Design considerations for beamwaveguide in the NASA Deep Space Network
Post on 26Mar2017
213 views
DESCRIPTION
IEEE TRANSACTIONS ON ANTENNAS AND PROPAGATION, VOL. 36, NO. 12, DECEMBER 1988 1779 Design Considerations for Beamwaveguide in the NASA Deep Space Network THAVATH VERUTTIPONG,…TRANSCRIPT
IEEE TRANSACTIONS ON ANTENNAS AND PROPAGATION, VOL. 36, NO. 12, DECEMBER 1988 1779
Design Considerations for Beamwaveguide in the
NASA Deep Space Network
THAVATH VERUTTIPONG, MEMBER, IEEE, JAMES R. WITHINGTON, VICTOR GALINDOISRAEL, FELLOW, IEEE,
WILLIAM A. IMBNALE, MEMBER, IEEE, AND DAN A. BATHKER, SENIOR MEMBER, IEEE
AbstractRetrofitting an antenna that was originally designed without
a beamwaveguide (BWG) introduces special difficulties because it is
desirable to minimize alteration of the original mechanical truss work and
to image the actual feed without distortion at the focal point of the dual
shaped reflector. To obtain an acceptable image, certain geometrical
optics (GO) design criteria are followed as closely as possible. The
problems associated with applying these design criteria to a 34m dual
shaped Deep Space Network (DSN) antenna are discussed. The use of
various diffraction analysis techniques in the design process is also
discussed. The geometrical theory of diffraction (GTD) and fast Fourier
transform (FFT) algorithms are particularly necessary at the higher
frequencies, while physical optics (PO) and spherical wave expansions
(SWE) proved necessary at the lower frequencies.
I. INTRODUCTION
PRIMARY requirement of the NASA Deep Space A Network (DSN) is to provide for optimal reception of
very low signal levels. This requirement necessitates optimiz
ing the antenna gain to the total system operating noise level
quotient. Low overall system noise levels of 1620 K are
achieved by using cryogenically cooled preamplifiers closely
coupled with an appropriately balanced antenna gain/spillover
design. Additionally, highpower transmitters (up to 400kW
continuous wave (CW)) are required for spacecraft emergency
command and planetary radar experiments. The frequency
bands allocated for deep space telemetry are narrow bands
near 2.1 and 2.3 GHz (S band), 7.1 and 8.4 GHz ( X band),
and 32 and 34.5 GHz (KO band). In addition, planned
operations for the Search for Extraterrestrial Intelligence
(SETI) program require continuous lownoise receive cover
age over the 110GHz band. To summarize, DSN antennas
must operate efficiently with low noise and highpower uplink
over the 135GHz band.
Feeding a large lownoise groundbased antenna via a
beamwaveguide (BWG) system has several advantages over
directly placing the feed at the focal point of a dualshaped
antenna. For example, significant simplifications are possible
in the design of highpower watercooled transmitters and low
noise cryogenic amplifiers, since these systems do not have to
rotate as in a normally fed dual reflector. Furthermore, these
systems and other components can be placed in a more
accessible location, leading to improved service and availabil
Manuscript received August 14, 1987; revised November 13, 1987. This
work was supported by the National Aeronautics and Space Administration.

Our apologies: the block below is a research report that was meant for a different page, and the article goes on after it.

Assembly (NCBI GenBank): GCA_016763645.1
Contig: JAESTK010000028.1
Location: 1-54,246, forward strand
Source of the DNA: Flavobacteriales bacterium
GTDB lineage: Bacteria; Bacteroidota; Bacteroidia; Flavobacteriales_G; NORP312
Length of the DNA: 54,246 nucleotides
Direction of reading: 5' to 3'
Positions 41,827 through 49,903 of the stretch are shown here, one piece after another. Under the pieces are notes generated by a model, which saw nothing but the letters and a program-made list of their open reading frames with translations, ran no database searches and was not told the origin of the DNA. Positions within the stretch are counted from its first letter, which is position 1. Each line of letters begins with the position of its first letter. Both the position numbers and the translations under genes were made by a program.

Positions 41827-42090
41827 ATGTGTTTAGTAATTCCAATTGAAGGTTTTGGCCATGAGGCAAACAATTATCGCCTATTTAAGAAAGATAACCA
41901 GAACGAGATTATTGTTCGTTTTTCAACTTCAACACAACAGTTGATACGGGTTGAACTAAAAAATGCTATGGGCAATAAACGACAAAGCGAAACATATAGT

The authors are with the Jet Propulsion Laboratory, California Insitute of
Technology, 4800 Oak Grove Drive, Pasadena, CA 91109.
IEEE Log Number 8823645.
ity. Also, the losses associated with rain on the feedhorn
radome are eliminated because the feedhorn can be sheltered
from weather.
Many existing beamwaveguide systems use a quasioptical
design, based on Gaussian wave principles, which optimizes
performance over an intended operating frequency range.
These designs can be made to work well with relatively small
reflectors (a very few tens of wavelengths) and may be viewed
as âbandpass,â since performance suffers as the wavelength
becomes very short as well as very long. The long wavelength
end is naturally limited by the approaching small D/X of the
individual beam reflectors used; the short wavelength end does
not produce the proper focusing needed to image the feed at
the dualreflector focus. In contrast, a purely geometrical
optics (GO) design has no upper frequency limit, but
performance suffers at long wavelengths. These designs may
be viewed as âhighpass.â Considering the need for practically
sized beam reflectors and the high DSN frequency and
performance requirements, the GO design is favored in this
application.
Retrofitting an antenna that was originally designed without
a beamwaveguide introduces special difficulties because it is
desirable to minimize alteration of the original structure. This
may preclude accessing the center region of the reflector
(typically used in conventional beamwaveguide designs) and
may require bypassing the center region. A discussion of the
mechanical tradeoffs and constraints is given herein, along
with a performance analysis of some typical designs. In the
retrofit design, it is also desirable to image the original feed
without distortion at the focal point of the dualshaped
reflector. This will minimize gain loss, reflector redesign, and
feed changes.
To obtain an acceptable image, certain design criteria are
followed as closely as possible. In 1973, Mizusawa and
Kitsuregawa [ 11 introduced certain GO criteria which guaran
tee a perfect image from a reflector pair (cell). If more than
one cell is used (where each cell may or may not satisfy
Mizusawaâs criteria), application of other GO symmetry
conditions can also guarantee a perfect image. The problems
and opportunities associated with applying these conditions to
a 34m dualshaped antenna are discussed.
The use of various diffraction analysis techniques in the